Tropical forests contribute a major sink for anthropogenic carbon emissions essential to slowing down the buildup of atmospheric CO2 and buffering climate change impacts. However, the response of tropical forests to more frequent weather extremes and long-recovery disturbances like fires remains uncertain. Analyses of field data and ecological theory raise concerns about the possibility of the Amazon crossing a tipping point leading to catastrophic tropical forest loss. In contrast, climate models consistently project an enhanced tropical sink. Here, we show a heterogeneous response of Amazonian carbon stocks in GFDL-ESM4.1, an Earth System Model (ESM) featuring dynamic disturbances and height-structured tree-grass competition. Enhanced productivity due to CO2 fertilization promotes increases in forest biomass that, under low emission scenarios, last until the end of the century. Under high emissions, positive trends reverse after 2060, when simulated fires prompt forest loss that results in a 40% decline in tropical forest biomass by 2100. Projected fires occur under dry conditions associated with El Niño Southern Oscillation and the Atlantic Multidecadal Oscillation, a response observed under current climate conditions, but exacerbated by an overall decline in precipitation. Following the initial disturbance, grassland dominance promotes recurrent fires and tree competitive exclusion, which prevents forest recovery. EC-Earth3-Veg, an ESM with a dynamic vegetation model of similar complexity, projected comparable wildfire forest loss under high emissions but faster postfire recovery rates. Our results reveal the importance of complex nonlinear responses to assessing climate change impacts and the urgent need to research postfire recovery and its representation in ESMs.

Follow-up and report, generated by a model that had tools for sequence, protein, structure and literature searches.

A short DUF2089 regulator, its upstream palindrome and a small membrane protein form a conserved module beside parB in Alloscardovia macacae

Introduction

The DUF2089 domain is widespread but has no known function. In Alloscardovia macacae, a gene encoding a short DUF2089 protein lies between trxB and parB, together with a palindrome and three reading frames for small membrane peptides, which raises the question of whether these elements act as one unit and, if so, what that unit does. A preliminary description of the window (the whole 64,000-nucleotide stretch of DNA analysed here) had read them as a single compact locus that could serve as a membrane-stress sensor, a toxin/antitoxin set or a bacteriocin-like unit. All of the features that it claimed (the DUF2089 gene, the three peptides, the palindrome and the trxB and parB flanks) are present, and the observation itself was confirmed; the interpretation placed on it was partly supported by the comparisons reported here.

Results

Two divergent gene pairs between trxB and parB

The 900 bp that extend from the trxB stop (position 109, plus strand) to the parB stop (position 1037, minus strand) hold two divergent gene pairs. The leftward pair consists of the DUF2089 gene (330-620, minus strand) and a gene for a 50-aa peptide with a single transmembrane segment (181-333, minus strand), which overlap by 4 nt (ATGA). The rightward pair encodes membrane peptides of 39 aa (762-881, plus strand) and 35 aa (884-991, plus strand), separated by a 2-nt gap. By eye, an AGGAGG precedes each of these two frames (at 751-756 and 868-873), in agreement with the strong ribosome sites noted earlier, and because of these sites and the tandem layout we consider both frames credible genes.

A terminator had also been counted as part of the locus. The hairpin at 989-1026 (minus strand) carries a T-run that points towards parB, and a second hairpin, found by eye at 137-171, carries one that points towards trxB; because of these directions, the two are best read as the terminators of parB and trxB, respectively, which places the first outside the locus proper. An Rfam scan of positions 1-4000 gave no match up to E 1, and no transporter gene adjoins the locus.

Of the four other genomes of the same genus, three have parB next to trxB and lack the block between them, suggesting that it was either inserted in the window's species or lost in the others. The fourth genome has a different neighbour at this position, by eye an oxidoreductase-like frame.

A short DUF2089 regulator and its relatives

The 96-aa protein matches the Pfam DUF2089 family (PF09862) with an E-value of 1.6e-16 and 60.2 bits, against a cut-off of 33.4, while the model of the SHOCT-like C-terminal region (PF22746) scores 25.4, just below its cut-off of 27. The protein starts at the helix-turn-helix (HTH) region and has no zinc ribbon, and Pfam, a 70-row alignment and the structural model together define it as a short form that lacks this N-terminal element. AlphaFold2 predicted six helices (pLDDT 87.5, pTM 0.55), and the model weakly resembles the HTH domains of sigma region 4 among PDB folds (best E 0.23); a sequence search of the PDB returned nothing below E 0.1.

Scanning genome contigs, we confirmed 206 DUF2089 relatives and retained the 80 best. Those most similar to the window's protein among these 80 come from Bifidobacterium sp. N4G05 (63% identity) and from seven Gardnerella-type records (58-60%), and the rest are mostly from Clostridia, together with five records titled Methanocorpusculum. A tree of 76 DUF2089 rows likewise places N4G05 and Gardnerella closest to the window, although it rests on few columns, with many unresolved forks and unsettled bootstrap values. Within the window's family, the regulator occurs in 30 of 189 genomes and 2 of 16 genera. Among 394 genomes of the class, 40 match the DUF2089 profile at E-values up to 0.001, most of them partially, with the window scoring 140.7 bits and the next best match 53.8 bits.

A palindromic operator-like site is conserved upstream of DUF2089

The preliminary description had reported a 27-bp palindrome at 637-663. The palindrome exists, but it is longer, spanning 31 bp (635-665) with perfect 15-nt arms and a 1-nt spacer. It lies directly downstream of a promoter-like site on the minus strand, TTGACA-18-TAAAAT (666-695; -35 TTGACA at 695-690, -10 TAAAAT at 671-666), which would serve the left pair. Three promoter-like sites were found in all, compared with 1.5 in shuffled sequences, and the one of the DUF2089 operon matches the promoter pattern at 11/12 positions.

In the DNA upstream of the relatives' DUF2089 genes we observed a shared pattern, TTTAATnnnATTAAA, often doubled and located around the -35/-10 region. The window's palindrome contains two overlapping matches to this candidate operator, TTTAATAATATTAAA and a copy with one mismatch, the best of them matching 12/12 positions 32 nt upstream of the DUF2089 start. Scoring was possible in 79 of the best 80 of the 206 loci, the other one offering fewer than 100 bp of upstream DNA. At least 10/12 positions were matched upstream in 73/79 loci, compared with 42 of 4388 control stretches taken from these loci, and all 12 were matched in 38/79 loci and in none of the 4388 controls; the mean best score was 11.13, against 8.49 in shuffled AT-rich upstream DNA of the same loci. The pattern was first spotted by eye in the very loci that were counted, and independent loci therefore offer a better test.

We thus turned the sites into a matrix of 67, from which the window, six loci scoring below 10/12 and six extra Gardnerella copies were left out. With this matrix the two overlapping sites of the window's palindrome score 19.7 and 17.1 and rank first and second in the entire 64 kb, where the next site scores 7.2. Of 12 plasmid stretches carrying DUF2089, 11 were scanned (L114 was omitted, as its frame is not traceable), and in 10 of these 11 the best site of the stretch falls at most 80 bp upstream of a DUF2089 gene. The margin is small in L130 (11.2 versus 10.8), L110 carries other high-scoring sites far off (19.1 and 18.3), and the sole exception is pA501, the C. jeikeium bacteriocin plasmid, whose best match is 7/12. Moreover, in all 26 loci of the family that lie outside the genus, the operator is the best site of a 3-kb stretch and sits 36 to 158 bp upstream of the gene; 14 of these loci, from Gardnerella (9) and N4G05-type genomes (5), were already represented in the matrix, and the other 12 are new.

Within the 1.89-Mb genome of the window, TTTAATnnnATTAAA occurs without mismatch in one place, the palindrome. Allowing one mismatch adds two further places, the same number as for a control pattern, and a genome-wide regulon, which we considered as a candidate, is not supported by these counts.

|Original language||English (US)|
|Journal||Proceedings of the National Academy of Sciences of the United States of America|
|State||Published - Dec 27 2022|
All Science Journal Classification (ASJC) codes
- earth system model
- forest recovery
- tropical forest